ebooks

Ethically sourced books

I bought my first brand new full price paperback novel in a long time, at the weekend (written by a friend, released by an indie publisher), and it got me thinking about how and where I get my reading material, and whether the author gets anything out of it.

Last week I was discussing e-book pricing with a selection of strangers on Twitter. Sam from Lounge Books pointed out that readers are now used to paying less for e-books than paperbacks:

I then commented that you can’t get second-hand e-books, so for those of us used to charity shop prices, even a discounted paperback price for an e-book can seem unusually high. Libraries, as usual, are the answer – the author gets a payment, the reader gets it for free (covered by some tax they’d have to pay anyway). But do I practice what I preach?

Pie chart of the books read by JY Saville in 2017

If in doubt, make a chart. First I looked at books I’d read so far this year, and where I got them from (strictly speaking Library of Mum & Dad this year actually means Big Brother). I’m only looking at books I’ve read the whole of, so if I gave up on it (like the book I took back to the library on Friday morning after 3 chapters), or read only part of a collection or reference book, it’s not counted. Neither do I count audio books.

What we can see from this is that more than half the books I’ve read so far this year haven’t directly contributed to the author’s earnings. I say directly because you could (if you were grasping at straws) argue that all those review copies generate a review that drums up sales or library borrowing. So am I always this bad?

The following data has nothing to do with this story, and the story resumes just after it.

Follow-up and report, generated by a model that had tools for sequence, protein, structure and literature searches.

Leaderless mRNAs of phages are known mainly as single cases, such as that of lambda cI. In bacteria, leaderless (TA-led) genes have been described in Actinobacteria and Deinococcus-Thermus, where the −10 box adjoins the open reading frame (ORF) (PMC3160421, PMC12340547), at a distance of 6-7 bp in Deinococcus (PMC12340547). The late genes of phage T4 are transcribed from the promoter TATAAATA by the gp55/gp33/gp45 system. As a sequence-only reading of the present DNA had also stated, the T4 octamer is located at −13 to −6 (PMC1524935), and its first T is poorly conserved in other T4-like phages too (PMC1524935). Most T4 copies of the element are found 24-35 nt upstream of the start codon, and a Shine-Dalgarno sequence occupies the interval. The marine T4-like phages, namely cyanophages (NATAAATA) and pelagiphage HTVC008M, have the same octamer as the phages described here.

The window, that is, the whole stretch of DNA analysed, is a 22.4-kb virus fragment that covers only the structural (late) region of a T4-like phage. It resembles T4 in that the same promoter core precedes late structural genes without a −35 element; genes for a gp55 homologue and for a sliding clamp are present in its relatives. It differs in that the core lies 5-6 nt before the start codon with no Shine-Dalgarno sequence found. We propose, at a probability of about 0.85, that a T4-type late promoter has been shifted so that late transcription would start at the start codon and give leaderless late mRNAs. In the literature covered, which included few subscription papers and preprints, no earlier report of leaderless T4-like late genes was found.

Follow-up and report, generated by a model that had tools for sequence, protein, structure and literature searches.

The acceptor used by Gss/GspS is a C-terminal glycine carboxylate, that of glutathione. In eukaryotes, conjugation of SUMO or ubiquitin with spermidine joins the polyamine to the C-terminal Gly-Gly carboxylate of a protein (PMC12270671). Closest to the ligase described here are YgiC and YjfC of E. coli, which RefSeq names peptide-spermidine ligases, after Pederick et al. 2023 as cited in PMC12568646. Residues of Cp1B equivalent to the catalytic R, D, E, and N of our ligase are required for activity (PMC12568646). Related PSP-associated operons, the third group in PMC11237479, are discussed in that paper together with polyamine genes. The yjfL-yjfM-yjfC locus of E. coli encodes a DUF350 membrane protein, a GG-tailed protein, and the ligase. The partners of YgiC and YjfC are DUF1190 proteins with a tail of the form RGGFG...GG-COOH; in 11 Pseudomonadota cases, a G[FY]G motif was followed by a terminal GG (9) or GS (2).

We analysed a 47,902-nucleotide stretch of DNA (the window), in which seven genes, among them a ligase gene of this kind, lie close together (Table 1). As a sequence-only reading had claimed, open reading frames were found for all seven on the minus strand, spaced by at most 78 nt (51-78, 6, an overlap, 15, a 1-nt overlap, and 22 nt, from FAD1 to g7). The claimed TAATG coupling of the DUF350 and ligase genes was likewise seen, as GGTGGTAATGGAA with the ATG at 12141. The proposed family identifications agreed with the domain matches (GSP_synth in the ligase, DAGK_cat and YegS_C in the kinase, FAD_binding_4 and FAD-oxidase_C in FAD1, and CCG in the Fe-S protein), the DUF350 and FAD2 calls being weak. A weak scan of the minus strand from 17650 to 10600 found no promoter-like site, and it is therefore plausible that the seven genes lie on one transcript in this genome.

Column chart of sources of the books read by JY Saville 2014-17

Er, pretty much, yes. I bought a few e-books in 2016/17 because I got a Kobo voucher for Christmas 2015 (so should they all be under gifts?) and I watched for special offers and made that voucher stretch as far as I could. Even the gifts aren’t always bought new, as we often give each other second-hand books in my family (including friend T), though I have bought a few new books to give to other people over this time period. Free e-books are mainly the out of copyright variety though one or two were special offers (and one was a digital textbook that came with an online university course).

In my defence, when I buy second-hand books it’s almost always from a charity shop, so at least some charity benefits rather than a private vendor. And if there’s a copy of a book I want to read available in the Library of Mum & Dad, it would seem rude not to borrow it. I’m not about to give up the thrill of getting books through the post, either, often before they’re out there in bookshops. Maybe I could wean myself off the discount e-books, however, and borrow more from the library, as I understand authors get more cash that way.

A promise to frequent the local library more? That shouldn’t be hard to keep. Who’s with me? Last one to the issue desk buys the tea and biscuits…

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Someone Comes to Town, Someone Leaves Town by Cory Doctorow (free e-book)

Cover of Someone Comes to Town, Someone Leaves Town by Cory Doctorow

This is an odd book, there’s no denying it, but it’s a good one if you take it on its own terms. At its simplest it’s an urban fantasy set in Toronto in the early 2000s. Middle-aged former shopkeeper Alan refurbishes a house in the bohemian area of Kensington Market, befriends his student/drop-out neighbours (one of whom has wings) and gets involved in a community project to deliver free local wi-fi. Much of the book is taken up with the day to day goings on around all that. However, (and here’s where you have to like a particular sort of oddness) Alan’s father is a mountain, his mother is a washing-machine, and three of his six brothers are nested like Russian dolls and can’t exist without each other. The innermost nested brother goes missing, the other two turn to Alan for help and it looks like their brother Davey, who they all killed years ago, has returned for revenge.